Made with Love: Edina Teen Discovers a Talent for Sewing

Seamstress and entrepreneur Emma Arndt creates looks for her sister Anna and also sells her creations on Etsy.

Many parents try to minimize their children’s exposure to social media and screen time. So when Sarah Arndt of Edina searched through the website for handmade gifts, she found a perfect opportunity and alternative to screen time for her daughter Emma—sewing.

“I am impressed with her talent,” says Arndt, “I am not able to sew like that. If you have a passion for it and the time and inclination, it makes a difference.”

Emma is not your average teenager. Instead of spending time playing on a smartphone or tablet, she spends her time perfecting her creative talents.

“I want to live every day as productive as I can be,” Emma says. “I want to give other people joy in what I do, and I want what I do to have an effect on others rather than having my time sucked into media.”

This Providence Academy junior is a self-taught and accomplished seamstress and knitter. She is now presenting her craft to the world through the online marketplace Etsy.

“When I start a dress, from planning it to sewing the first pieces together, I can see the gradual accumulation of pieces, and it becomes a beautiful piece of artwork,” says Emma. “I buy patterns to make sure I have the right proportions, then I take bits and pieces to make it my own.”

Emma started taking sewing classes at age 8. During her family’s brief residence in New Jersey, she was exposed to the New York fashion scene. After returning to Edina, Emma didn’t know where to buy those runway-inspired styles. So at age 11, she decided to start making her own clothes. She received a sewing machine as a gift that Christmas. Soon after, Emma’s youngest sister, Anna, arrived on the scene and would become a significant source of Emma’s inspiration for patchwork toddler dresses. But the abundance of Emma’s creative ideas led to a dilemma—an abundance of dresses.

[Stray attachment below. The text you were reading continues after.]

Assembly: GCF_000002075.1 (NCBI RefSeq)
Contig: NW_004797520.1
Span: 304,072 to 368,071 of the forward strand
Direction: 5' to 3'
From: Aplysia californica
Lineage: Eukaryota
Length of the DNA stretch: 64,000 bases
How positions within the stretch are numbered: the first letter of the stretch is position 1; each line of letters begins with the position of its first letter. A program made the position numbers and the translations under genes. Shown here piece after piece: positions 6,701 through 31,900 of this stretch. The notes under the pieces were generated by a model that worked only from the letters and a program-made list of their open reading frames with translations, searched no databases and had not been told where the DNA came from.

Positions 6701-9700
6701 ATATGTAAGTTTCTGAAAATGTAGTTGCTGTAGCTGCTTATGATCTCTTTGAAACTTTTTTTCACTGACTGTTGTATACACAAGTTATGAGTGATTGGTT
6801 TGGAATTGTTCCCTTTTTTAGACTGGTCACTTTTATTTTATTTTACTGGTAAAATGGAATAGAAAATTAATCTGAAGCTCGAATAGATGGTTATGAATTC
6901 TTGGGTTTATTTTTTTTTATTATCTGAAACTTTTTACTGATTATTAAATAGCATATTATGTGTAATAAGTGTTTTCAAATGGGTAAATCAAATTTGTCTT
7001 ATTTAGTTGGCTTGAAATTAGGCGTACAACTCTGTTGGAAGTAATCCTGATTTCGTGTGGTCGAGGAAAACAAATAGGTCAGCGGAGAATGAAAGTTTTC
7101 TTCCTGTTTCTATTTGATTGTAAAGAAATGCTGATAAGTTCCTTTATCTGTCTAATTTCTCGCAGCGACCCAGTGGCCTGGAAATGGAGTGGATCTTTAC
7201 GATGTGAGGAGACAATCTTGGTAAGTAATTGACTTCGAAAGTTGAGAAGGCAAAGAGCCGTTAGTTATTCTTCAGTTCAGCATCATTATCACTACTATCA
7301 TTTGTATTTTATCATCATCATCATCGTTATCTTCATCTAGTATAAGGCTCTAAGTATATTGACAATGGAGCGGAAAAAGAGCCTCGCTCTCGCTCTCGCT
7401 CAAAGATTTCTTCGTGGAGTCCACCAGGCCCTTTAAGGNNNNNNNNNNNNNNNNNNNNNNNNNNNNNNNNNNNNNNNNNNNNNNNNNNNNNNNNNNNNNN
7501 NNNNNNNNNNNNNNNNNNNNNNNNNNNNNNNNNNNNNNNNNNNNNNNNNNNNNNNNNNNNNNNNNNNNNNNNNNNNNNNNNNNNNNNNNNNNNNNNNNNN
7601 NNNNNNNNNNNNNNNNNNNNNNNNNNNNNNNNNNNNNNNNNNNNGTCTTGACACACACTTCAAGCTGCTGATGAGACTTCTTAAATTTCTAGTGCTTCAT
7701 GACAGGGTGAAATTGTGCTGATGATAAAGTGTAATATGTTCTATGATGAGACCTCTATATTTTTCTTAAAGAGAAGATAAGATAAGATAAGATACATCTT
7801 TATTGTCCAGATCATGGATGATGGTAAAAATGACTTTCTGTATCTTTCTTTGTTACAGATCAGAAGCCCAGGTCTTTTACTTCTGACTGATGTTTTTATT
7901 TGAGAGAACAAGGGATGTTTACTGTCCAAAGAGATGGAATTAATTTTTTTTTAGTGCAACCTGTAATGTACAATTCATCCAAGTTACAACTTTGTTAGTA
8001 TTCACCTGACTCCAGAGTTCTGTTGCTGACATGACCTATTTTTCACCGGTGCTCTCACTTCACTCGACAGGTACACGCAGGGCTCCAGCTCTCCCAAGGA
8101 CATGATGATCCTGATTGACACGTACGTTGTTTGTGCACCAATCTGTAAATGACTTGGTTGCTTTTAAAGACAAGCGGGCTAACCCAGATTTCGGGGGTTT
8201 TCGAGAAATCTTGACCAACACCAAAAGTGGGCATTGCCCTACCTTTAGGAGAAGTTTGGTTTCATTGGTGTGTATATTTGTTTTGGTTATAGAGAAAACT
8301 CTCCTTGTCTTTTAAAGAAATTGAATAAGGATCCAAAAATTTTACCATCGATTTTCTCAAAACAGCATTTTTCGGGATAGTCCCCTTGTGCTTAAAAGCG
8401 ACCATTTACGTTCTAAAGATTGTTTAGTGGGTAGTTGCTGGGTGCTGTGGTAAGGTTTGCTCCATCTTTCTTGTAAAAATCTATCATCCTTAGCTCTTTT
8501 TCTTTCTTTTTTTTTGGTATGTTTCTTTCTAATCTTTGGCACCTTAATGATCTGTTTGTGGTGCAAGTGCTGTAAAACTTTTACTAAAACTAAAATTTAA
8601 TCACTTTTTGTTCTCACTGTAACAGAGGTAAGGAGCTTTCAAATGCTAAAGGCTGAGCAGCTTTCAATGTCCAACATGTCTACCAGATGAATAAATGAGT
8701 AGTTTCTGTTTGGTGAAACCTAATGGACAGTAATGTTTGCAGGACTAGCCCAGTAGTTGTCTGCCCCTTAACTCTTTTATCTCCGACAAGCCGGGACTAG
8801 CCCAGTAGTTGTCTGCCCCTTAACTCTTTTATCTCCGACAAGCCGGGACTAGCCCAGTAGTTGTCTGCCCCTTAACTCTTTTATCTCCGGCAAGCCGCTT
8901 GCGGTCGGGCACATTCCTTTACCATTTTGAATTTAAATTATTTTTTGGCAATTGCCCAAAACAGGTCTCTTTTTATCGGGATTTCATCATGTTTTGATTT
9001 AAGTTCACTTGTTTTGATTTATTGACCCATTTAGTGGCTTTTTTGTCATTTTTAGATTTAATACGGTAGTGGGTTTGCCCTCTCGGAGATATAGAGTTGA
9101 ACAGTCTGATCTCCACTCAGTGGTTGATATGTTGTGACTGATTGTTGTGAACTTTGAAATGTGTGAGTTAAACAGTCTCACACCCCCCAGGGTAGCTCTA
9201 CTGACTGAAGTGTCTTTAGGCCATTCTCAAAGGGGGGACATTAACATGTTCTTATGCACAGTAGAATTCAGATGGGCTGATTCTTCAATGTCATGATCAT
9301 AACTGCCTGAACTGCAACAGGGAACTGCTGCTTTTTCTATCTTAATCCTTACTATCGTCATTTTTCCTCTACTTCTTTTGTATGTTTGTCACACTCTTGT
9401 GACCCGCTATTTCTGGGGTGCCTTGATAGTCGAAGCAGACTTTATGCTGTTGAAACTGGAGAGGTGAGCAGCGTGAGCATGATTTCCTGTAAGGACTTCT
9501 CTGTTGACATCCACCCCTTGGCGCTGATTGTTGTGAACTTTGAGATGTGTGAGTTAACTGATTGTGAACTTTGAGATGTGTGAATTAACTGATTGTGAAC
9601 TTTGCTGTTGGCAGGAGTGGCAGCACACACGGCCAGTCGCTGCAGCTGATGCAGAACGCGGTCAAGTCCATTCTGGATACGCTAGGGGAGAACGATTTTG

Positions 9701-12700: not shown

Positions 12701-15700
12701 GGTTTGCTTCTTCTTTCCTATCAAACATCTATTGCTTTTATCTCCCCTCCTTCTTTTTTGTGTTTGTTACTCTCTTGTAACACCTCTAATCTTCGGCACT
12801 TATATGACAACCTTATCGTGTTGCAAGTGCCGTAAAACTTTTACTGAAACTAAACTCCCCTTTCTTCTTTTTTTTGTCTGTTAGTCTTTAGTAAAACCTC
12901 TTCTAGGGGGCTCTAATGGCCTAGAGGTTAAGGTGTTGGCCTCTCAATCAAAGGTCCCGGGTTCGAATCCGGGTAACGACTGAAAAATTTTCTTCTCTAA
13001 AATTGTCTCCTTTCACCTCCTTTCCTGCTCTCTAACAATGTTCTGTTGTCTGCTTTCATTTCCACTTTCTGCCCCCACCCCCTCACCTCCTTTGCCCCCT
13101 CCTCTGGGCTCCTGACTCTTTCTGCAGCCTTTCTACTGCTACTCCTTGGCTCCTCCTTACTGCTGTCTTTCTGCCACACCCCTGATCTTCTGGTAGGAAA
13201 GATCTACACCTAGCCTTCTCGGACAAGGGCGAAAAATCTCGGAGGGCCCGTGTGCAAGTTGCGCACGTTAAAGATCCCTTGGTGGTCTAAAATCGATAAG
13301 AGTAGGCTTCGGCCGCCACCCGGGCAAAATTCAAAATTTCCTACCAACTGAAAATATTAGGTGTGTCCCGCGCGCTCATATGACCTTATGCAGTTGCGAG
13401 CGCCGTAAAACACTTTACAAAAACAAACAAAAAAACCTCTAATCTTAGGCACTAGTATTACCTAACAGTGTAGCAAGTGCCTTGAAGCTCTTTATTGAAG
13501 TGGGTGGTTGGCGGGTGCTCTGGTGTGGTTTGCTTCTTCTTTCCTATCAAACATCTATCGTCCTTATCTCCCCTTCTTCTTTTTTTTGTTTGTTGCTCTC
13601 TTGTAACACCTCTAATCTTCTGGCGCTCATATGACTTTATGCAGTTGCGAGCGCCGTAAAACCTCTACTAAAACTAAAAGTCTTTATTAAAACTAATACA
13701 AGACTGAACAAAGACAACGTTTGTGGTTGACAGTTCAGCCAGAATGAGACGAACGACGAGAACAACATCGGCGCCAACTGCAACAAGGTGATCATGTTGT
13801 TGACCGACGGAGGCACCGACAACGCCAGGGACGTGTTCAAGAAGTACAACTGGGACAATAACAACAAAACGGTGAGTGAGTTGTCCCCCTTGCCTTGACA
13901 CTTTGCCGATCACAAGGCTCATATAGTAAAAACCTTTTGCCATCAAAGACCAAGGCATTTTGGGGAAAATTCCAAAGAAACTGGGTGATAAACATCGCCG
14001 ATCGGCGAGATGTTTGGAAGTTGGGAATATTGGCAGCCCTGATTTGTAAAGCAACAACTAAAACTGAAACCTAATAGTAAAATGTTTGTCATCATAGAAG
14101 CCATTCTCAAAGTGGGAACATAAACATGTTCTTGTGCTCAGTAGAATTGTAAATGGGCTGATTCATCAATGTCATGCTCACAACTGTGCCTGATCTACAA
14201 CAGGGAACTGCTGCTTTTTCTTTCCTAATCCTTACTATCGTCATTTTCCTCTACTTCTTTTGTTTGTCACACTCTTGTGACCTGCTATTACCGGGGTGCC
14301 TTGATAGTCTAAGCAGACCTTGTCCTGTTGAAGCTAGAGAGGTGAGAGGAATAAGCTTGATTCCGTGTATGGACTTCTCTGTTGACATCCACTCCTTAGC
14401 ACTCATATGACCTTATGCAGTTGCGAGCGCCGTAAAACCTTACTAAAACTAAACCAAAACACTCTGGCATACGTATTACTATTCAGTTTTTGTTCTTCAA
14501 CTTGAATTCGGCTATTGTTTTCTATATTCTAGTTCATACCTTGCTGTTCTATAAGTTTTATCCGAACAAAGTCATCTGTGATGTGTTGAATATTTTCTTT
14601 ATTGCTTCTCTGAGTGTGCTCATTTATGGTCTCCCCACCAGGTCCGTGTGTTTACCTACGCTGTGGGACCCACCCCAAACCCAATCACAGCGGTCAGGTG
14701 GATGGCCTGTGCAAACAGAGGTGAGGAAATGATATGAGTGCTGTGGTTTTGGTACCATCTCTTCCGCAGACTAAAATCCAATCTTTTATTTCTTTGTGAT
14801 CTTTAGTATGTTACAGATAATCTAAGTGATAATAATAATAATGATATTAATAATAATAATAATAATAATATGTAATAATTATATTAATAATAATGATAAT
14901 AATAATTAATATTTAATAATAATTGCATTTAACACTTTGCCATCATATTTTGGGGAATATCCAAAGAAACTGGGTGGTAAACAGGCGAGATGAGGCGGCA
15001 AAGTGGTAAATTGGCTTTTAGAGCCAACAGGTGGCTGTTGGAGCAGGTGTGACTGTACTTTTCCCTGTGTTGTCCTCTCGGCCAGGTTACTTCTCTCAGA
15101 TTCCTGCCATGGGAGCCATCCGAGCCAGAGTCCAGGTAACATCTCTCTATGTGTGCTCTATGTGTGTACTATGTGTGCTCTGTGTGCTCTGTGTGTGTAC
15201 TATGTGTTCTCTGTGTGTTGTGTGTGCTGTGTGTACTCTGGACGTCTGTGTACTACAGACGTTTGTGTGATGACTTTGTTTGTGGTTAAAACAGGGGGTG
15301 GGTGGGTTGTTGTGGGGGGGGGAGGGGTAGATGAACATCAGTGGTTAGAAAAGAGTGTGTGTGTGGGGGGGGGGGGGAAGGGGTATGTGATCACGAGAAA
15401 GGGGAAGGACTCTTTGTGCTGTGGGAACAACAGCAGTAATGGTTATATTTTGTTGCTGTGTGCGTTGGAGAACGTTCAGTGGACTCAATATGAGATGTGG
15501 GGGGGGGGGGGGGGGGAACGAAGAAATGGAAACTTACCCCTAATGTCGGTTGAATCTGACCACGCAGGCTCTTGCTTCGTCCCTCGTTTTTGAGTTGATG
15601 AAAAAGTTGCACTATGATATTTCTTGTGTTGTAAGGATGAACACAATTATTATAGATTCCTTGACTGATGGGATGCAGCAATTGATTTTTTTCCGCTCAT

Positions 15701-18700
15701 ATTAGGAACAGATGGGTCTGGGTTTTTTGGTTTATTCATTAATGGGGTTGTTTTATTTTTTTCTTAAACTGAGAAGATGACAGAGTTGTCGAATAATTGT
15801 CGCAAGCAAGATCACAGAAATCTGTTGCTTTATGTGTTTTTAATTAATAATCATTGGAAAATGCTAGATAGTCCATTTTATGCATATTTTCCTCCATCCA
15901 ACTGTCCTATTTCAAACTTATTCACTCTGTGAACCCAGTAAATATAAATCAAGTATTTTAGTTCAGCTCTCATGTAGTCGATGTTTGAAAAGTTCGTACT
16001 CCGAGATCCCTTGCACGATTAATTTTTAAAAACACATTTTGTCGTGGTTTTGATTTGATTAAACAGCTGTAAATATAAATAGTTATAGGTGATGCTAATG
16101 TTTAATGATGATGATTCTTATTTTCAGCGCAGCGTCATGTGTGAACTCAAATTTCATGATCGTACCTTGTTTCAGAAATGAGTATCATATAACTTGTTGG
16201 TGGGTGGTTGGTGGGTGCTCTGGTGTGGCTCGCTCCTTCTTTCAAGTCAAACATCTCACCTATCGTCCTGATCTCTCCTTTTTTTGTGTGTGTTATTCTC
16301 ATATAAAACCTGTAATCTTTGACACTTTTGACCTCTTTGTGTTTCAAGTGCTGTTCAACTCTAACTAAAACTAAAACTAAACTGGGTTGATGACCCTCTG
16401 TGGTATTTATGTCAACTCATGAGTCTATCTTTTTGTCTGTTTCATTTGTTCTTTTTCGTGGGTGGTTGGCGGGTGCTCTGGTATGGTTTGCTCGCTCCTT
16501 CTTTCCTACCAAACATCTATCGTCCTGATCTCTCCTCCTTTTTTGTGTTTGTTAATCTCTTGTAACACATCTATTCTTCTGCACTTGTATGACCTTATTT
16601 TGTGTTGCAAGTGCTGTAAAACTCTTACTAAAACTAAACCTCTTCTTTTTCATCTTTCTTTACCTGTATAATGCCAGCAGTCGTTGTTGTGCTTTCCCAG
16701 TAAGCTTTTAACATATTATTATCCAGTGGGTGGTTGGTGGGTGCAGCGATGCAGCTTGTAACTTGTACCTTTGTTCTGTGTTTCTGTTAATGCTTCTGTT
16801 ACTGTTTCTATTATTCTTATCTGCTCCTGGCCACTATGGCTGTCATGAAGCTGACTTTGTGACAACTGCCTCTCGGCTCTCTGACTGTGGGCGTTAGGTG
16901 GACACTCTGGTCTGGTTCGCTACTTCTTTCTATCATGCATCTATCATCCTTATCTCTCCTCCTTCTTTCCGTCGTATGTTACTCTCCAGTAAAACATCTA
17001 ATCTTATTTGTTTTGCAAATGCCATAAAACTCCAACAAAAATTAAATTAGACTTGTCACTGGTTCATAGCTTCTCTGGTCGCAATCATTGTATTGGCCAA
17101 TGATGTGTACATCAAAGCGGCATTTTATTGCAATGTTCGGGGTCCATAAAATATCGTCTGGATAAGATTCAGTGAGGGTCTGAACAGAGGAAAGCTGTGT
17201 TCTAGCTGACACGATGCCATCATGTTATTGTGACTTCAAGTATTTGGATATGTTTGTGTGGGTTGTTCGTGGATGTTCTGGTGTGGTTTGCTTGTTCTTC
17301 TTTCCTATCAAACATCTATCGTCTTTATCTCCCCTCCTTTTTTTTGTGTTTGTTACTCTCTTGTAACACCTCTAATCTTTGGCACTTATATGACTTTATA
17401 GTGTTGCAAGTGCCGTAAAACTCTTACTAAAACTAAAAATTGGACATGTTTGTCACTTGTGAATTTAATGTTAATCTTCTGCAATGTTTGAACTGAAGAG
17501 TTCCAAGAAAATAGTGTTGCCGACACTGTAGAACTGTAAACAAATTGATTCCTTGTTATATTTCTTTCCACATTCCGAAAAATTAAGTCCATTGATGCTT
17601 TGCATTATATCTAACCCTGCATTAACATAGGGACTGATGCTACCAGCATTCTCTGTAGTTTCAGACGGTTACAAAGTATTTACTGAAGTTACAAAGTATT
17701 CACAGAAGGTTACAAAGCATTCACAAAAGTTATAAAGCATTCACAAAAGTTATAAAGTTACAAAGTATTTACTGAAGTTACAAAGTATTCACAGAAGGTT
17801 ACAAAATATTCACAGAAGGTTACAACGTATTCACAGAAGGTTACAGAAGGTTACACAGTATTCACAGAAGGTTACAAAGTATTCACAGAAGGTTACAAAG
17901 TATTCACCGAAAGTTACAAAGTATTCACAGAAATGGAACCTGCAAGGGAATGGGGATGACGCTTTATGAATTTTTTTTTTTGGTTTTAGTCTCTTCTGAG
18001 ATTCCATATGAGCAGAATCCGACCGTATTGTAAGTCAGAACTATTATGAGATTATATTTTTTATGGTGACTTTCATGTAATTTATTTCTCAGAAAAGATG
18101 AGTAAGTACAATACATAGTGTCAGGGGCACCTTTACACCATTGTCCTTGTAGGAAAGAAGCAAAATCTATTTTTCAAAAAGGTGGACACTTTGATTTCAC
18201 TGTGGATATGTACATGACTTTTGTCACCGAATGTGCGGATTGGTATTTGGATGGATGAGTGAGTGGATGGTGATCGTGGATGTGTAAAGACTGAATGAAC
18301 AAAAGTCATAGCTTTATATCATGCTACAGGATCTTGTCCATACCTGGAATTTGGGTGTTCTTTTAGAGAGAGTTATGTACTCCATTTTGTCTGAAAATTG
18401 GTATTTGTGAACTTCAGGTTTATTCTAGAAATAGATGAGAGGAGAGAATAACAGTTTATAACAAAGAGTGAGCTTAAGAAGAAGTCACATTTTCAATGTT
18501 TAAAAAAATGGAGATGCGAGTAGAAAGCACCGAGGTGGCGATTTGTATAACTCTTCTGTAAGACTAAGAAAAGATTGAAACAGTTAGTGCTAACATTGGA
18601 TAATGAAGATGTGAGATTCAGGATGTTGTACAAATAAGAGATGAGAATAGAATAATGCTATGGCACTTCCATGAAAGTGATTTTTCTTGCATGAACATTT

Emma figured she could just keep making dresses for Anna, but it eventually seemed impossible that Anna would be able to wear all of them. “My mom encouraged me to sell my dresses,” Emma says. “I owe it all to her. Since she is encouraging me, maybe [my own business] will be something I will do some day.” For Emma, sewing is not so much about selling as it is about improving her skills and expressing her creativity. But, she says, “I do hope anyone who does buy [my dresses] will enjoy wearing [them].”

Anna now serves as a model for Emma’s Etsy store, called EmmaMadeWithLove. EmmaMadeWithLove features patchwork dresses with lined pockets, cute buttons, puff sleeves, ruffles and other embellishments. Emma intends to also offer skirts for older girls, along with hand-knitted stuffed animals, by Christmastime. Her boutique-quality items are modestly priced, and within the year, Emma hopes a local shop will consider selling her creations. Emma also hopes to be a presence at the Edina Art Fair next summer. “People from Edina like locally made items,” says Emma.

Interested buyers should check out Emma’s creations before she heads off to college. There is a chance that her handmade dresses may become limited editions if she decides to sew wounds instead of clothes: although Emma is mindful of her entrepreneurial talents, she has dreamt of another profession since kindergarten. “I want to be a doctor: I want to do something that helps people, and I think a doctor would be a great way.”

Look for Anna’s handmade clothes and stuffed animals on Etsy and on Instagram.